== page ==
Probability says that if you give enough monkeys a typewriter each and enough time, one of them will eventually reproduce the complete works of Shakespeare. This probability theory has been disproved by virtue of the fact that the internet has failed to produced anything coming anywhere near close.
 

Offline alancalverd

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Re: Impossible lottery combinations
« Reply #31 on: 11/11/2014 11:28:25 »
The ability of the human mind to see patterns, or impose apparent order on actual chaos, is amazing. Recognisable images of Jesus and Mohammed appear on slices of toast or in clouds, despite the fact that no living person has seen either bloke in the flesh or even in a contemporary portrait. Listening to Glass or Stockhausen, people often say that they can hear music, and the Raudive Tapes seemed to capture the voices of Hitler or St Francis of Assisi, depending on the listener's preference.

So it would come as no surprise if a monkey won the Booker Prize. It could hardly be more tedious than Anita Brookner, or less meaningful than most of the posts about "consciousness" on this board!   
 

Offline syhprum

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Re: Impossible lottery combinations
« Reply #32 on: 11/11/2014 15:52:39 »
I hate speculating about lottery numbers, it would be heart breaking if one wrote down a series of numbers for some reason or other, did not buy a ticket and then found you had written down the winning sequence although normally you would be better off by the price of a ticket.
 

Offline burning

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Re: Impossible lottery combinations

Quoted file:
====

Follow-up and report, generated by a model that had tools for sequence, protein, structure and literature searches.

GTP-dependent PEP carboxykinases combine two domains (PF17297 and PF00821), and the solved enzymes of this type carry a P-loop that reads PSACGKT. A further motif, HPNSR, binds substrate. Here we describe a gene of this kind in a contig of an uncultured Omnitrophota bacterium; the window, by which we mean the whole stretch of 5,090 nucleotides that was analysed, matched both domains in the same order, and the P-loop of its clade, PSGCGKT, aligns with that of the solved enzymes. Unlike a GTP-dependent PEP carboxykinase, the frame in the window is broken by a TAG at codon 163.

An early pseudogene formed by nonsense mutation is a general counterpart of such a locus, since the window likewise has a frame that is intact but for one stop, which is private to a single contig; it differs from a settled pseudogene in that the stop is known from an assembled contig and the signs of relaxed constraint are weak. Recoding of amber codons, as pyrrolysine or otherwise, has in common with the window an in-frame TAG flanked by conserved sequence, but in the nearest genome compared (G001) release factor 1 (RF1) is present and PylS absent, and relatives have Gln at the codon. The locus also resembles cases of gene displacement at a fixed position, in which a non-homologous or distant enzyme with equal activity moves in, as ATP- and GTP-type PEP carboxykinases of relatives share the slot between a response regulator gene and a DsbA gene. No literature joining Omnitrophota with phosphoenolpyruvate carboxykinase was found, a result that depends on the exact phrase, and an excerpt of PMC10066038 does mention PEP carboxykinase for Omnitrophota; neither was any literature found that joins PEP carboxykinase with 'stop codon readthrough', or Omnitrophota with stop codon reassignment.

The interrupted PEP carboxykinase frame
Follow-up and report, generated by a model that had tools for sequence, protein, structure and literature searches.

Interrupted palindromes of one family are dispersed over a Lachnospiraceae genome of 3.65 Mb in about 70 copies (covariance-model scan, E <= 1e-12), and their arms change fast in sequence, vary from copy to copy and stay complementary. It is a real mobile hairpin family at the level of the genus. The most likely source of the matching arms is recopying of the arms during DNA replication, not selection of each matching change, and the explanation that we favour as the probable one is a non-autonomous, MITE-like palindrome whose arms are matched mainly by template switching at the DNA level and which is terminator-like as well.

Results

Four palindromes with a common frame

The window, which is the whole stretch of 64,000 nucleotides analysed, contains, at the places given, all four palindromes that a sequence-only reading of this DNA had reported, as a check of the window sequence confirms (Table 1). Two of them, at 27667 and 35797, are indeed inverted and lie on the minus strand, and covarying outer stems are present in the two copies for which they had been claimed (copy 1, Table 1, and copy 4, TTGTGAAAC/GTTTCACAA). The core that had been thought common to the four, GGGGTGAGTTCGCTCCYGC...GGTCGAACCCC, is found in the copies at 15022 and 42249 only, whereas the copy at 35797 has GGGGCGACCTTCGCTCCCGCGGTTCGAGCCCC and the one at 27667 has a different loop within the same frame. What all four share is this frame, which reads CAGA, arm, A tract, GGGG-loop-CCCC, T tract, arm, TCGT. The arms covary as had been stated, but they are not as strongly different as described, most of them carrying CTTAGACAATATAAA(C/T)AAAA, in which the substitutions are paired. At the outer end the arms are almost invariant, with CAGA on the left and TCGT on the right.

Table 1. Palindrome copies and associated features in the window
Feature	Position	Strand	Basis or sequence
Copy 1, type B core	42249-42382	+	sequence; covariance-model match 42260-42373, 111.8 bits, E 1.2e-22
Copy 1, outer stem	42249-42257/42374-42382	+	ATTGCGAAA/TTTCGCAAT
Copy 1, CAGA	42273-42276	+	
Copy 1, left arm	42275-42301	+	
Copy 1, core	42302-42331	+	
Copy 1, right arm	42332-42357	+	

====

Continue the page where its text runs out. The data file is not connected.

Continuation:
« Reply #33 on: 11/11/2014 19:28:30 »

3 - it makes no difference whether the numbers have come up before or are randomly generated. Intuitively, one feels it should make a difference, just as one feels that after tossing a coin 10 heads in a row you're more likely to get tails. Intuition is wrong about this.


My mind can't accept this, not at the moment anyway. And I think that if all the mathematicians here weren't under the gaze of their colleagues, academic supervisors, and potential academic funders then you would all go for Number 2. But you don't want to be seen as woolly headed and led by your instinct rather than your rationality. In the same way I am sure many scientists wouldn't want to admit their secret agnosticism or prayers to god.

If you're not going to believe us if we say "3," then what is the point of asking the question in the first place?
 

Offline Musicforawhile

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Re: Impossible lottery combinations
« Reply #34 on: 11/11/2014 19:42:55 »

If you're not going to believe us if we say "3," then what is the point of asking the question in the first place?

True, it was a bit pointless of me to ask. The only answer I truly would accept is that you would think "3" but do "2."